Some programs, notably newscasts and religious events, are broadcast simultaneously on both Rádio Renascença and Rádio Sim.

Rádio Renascença is available in mainland Portugal on FM. Rádio Sim is available on medium wave, covering most of mainland Portugal, as well as on FM in some regions.

RR (Rádio Sim)'s most powerful medium-wave transmitter – operating on a frequency of 594 kHz with a power of 100 kW (although currently using 60 to 80 kW) – is situated near the village of Muge, some 75 km north-east of Lisbon. It is a 259-meter-high guyed mast radiator and also Portugal's tallest structure.


Solt (Croatian: Šolta) is a town in Bács-Kiskun county, Hungary. Near Solt there is a high-power medium wave transmitter.


In electronics and telecommunications, a transmitter or radio transmitter is an electronic device which produces radio waves with an antenna. The transmitter itself generates a radio frequency alternating current, which is applied to the antenna. When excited by this alternating current, the antenna radiates radio waves.

Transmitters are necessary component parts of all electronic devices that communicate by radio, such as radio and television broadcasting stations, cell phones, walkie-talkies, wireless computer networks, Bluetooth enabled devices, garage door openers, two-way radios in aircraft, ships, spacecraft, radar sets and navigational beacons. The term transmitter is usually limited to equipment that generates radio waves for communication purposes; or radiolocation, such as radar and navigational transmitters. Generators of radio waves for heating or industrial purposes, such as microwave ovens or diathermy equipment, are not usually called transmitters, even though they often have similar circuits.

The term is popularly used more specifically to refer to a broadcast transmitter, a transmitter used in broadcasting, as in FM radio transmitter or television transmitter. This usage typically includes both the transmitter proper, the antenna, and often the building it is housed in.

Vatican Radio

Vatican Radio (Italian: Radio Vaticana; Latin: Statio Radiophonica Vaticana) is the official broadcasting service of the Vatican.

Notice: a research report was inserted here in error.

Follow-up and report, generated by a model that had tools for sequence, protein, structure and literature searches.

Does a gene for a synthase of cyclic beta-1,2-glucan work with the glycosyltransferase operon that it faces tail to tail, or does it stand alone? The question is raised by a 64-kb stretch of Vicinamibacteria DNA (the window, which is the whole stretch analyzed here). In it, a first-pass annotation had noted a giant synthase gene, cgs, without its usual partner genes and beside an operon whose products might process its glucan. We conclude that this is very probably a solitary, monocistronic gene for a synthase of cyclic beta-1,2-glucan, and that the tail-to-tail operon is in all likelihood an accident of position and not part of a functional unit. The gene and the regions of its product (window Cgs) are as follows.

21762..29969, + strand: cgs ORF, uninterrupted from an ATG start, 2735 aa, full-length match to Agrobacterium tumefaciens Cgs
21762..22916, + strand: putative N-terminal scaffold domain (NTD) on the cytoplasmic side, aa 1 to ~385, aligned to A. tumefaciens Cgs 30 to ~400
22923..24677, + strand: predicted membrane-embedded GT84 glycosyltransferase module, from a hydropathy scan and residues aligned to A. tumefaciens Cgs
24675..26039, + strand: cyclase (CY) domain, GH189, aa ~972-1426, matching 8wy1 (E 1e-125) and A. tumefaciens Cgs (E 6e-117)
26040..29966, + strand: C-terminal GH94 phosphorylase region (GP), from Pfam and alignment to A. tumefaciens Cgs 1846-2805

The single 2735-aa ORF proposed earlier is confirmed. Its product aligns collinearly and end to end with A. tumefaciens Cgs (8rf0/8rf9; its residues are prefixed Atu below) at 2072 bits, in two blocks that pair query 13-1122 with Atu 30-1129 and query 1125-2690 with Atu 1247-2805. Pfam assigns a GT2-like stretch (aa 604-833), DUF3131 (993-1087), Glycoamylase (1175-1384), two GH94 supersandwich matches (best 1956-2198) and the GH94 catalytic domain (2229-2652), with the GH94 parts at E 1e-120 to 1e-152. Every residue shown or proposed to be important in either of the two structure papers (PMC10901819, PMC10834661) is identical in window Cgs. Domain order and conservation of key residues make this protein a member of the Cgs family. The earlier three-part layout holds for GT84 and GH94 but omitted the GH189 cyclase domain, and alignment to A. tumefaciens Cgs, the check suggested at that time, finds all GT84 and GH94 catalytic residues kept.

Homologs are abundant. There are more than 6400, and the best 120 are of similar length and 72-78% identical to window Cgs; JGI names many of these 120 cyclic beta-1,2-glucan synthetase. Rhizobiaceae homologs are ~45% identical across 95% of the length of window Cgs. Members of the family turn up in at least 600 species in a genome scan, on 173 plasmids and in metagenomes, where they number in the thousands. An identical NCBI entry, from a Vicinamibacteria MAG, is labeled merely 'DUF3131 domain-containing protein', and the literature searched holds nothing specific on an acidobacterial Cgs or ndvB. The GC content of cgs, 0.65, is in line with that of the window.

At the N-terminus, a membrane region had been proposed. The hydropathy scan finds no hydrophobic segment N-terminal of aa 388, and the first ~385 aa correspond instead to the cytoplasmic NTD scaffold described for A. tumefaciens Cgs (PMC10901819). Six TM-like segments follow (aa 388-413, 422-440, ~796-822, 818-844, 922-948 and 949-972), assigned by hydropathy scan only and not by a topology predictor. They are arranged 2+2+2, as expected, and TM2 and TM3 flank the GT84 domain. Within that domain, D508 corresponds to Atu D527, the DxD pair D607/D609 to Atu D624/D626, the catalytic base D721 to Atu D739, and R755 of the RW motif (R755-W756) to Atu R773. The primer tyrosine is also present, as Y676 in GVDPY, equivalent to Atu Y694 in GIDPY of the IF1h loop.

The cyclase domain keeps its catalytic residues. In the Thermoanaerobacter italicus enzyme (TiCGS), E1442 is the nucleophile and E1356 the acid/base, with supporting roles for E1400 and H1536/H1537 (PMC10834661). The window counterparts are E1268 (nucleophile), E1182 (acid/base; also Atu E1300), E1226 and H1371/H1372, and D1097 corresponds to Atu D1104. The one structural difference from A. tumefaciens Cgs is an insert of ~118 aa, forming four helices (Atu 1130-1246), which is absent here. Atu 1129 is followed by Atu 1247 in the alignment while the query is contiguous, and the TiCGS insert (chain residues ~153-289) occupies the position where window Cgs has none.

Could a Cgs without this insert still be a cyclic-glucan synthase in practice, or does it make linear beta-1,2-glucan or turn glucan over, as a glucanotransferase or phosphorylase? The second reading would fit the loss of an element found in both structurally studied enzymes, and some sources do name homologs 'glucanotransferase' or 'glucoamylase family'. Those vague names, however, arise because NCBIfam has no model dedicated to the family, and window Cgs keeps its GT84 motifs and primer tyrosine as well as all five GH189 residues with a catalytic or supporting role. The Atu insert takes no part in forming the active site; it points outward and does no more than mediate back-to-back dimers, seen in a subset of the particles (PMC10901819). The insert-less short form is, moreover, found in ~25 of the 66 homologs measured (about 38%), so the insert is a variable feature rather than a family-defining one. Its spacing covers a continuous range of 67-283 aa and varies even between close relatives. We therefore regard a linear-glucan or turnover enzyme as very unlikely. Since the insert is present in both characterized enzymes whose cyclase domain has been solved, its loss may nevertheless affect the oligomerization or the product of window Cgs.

Set up in 1931 by Guglielmo Marconi, today its programs are offered in 47 languages, and are sent out on short wave (also DRM), medium wave, FM, satellite and the Internet. Since its inception, Vatican Radio has been maintained by the Jesuit Order. Vatican Radio preserved its independence during the rise of Fascist Italy and Nazi Germany. Following the outbreak of World War II, a week after Pope Pius XII ordered the programming, Vatican Radio broadcast the news that Poles and Jews were being rounded up and forced into ghettos.

Today, programming is produced by over two hundred journalists located in 61 different countries. Vatican Radio produces more than 42,000 hours of simultaneous broadcasting covering international news, religious celebrations, in-depth programs, and music. The current general director is Father Federico Lombardi, S.J.

On 27 June 2015, Pope Francis, in a motu proprio ("on his own initiative") apostolic letter, established the Secretariat for Communications in the Roman Curia, which absorbed Vatican Radio effective 1 January 2017, ending the organization's 85 years of independent operation.

Washford transmitting station

Washford transmitting station is a medium wave broadcasting station and low-power digital terrestrial television relay near Washford, Somerset.

It was built in 1933 and uses as antenna a T-antenna between two 152 metres (499 ft) tall guyed masts separated by a distance of 159 metres. Originally the station used cage antennas around each mast. The station uses the frequencies 882 kHz with 100 kW, 1089 kHz with 50 kW and 1215 kHz with 50 kW.

A smaller 45.7 metres (150 ft) mast is used to relay digital terrestrial television services from the Mendip transmitting station. This mast carries the three public service multiplexes at an E.R.P. of 12.4 W.

The front portions of the old transmitter building, are now part of the Tropiquaria wildlife park and house their tropical hall, aquarium, and nocturnal house.

Visible (optical)
Wavelength types
Subcarrier signals
Network topology
and switching